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The sudden increase in Chinese exports foresees an increase in US charges



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Hours on November 9, 2018
Last update in
November 8, 2018 / 21:23

China predicted much higher exports in October than expected, as exporters agreed to ship goods to the US, the largest trading partner in Beijing, in order to avoid higher tariffs that will come into force early next year.

Import growth also exceeded expectations of a slowdown, suggesting that growth-promoting measures to support a fast-growing economy may slowly emerge. And optimistic trading data is good news for global uncertainty about global demand and policy makers, after the economy experienced weak growth after the global financial crisis in 2008.

October is the first full month after the latest US tariffs for Chinese goods entered into force on September 24, with the intensification of a trade war between the two countries. However, analysts point to the danger of a sharp decline in demand for Chinese goods at the beginning of 2019, focusing now on whether Presidents Donald Trump and Xi Jinping can make progress on trade when they meet later that month.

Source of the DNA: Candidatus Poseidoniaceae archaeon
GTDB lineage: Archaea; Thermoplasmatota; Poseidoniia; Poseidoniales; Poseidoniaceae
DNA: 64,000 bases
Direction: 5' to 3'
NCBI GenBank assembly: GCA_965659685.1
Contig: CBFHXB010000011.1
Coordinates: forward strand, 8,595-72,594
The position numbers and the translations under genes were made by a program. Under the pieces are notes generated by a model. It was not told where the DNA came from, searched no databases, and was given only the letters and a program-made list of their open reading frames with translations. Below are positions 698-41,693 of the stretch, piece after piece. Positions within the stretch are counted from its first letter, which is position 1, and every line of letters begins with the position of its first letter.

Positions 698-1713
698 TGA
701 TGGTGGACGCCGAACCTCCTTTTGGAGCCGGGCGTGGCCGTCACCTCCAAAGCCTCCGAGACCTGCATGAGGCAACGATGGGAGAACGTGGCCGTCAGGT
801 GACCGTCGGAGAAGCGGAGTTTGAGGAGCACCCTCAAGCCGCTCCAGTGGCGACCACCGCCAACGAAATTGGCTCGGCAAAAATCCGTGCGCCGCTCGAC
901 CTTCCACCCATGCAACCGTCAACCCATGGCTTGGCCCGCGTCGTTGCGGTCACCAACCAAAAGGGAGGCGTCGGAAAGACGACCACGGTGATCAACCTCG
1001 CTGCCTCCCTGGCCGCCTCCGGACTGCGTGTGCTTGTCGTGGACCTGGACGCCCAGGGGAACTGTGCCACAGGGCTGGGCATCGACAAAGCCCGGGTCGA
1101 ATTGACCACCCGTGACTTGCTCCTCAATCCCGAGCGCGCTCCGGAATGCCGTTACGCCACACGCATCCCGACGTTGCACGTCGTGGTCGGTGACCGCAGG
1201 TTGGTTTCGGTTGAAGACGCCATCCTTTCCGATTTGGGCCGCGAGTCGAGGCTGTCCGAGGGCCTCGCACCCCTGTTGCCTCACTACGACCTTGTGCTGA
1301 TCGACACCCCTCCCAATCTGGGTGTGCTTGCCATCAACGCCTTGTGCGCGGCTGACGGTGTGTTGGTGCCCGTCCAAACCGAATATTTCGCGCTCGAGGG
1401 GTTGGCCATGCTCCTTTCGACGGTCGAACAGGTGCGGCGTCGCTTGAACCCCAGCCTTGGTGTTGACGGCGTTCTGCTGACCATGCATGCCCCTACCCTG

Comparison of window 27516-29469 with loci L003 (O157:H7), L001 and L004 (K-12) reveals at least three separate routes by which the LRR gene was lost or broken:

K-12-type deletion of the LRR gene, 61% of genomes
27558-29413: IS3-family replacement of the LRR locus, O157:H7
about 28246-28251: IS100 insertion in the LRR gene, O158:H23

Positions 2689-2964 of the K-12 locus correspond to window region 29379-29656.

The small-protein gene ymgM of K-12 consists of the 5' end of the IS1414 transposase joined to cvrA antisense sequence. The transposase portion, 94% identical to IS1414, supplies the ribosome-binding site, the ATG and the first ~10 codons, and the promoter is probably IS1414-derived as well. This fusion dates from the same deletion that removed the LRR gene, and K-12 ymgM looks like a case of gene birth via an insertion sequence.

Chinese exports rose 15.6 percent in the same month of 2017, accelerating from 14.5 percent compared to the September reading, which exceeded forecasts by analysts for an average slowdown in export growth to 11 percent, according to customs data yesterday.

In the first ten months of this year, China's total trade surplus with the United States, its largest export market, reached 258.15 billion US dollars, and rose sharply from US $ 222.98 billion in the same period last year.

While the monthly surplus in October dropped slightly to $ 31.78 billion, from September 34.13 billion dollars, they remain high under previous standards. In October, imports increased by 21.4 percent, from 14.3 percent in September, with analysts' expectations falling to 14 percent.

German exports fell more than expected in terms of imports, as the volume of trade surpluses declined, as trade tensions with the United States slowed down the traditional driver of growth for Europe's largest economy.

The Federal Bureau of Statistics has announced that adjusted exports according to seasonal factors fell by 0.8 percent in September, while imports fell by 0.4 percent. Analysts received by Reuters showed a 0.3% growth in exports and a 0.8% increase in imports. The German trade surplus fell to 17.6 billion euros (20.09 billion dollars) in August from the revised 18.2 billion euros.


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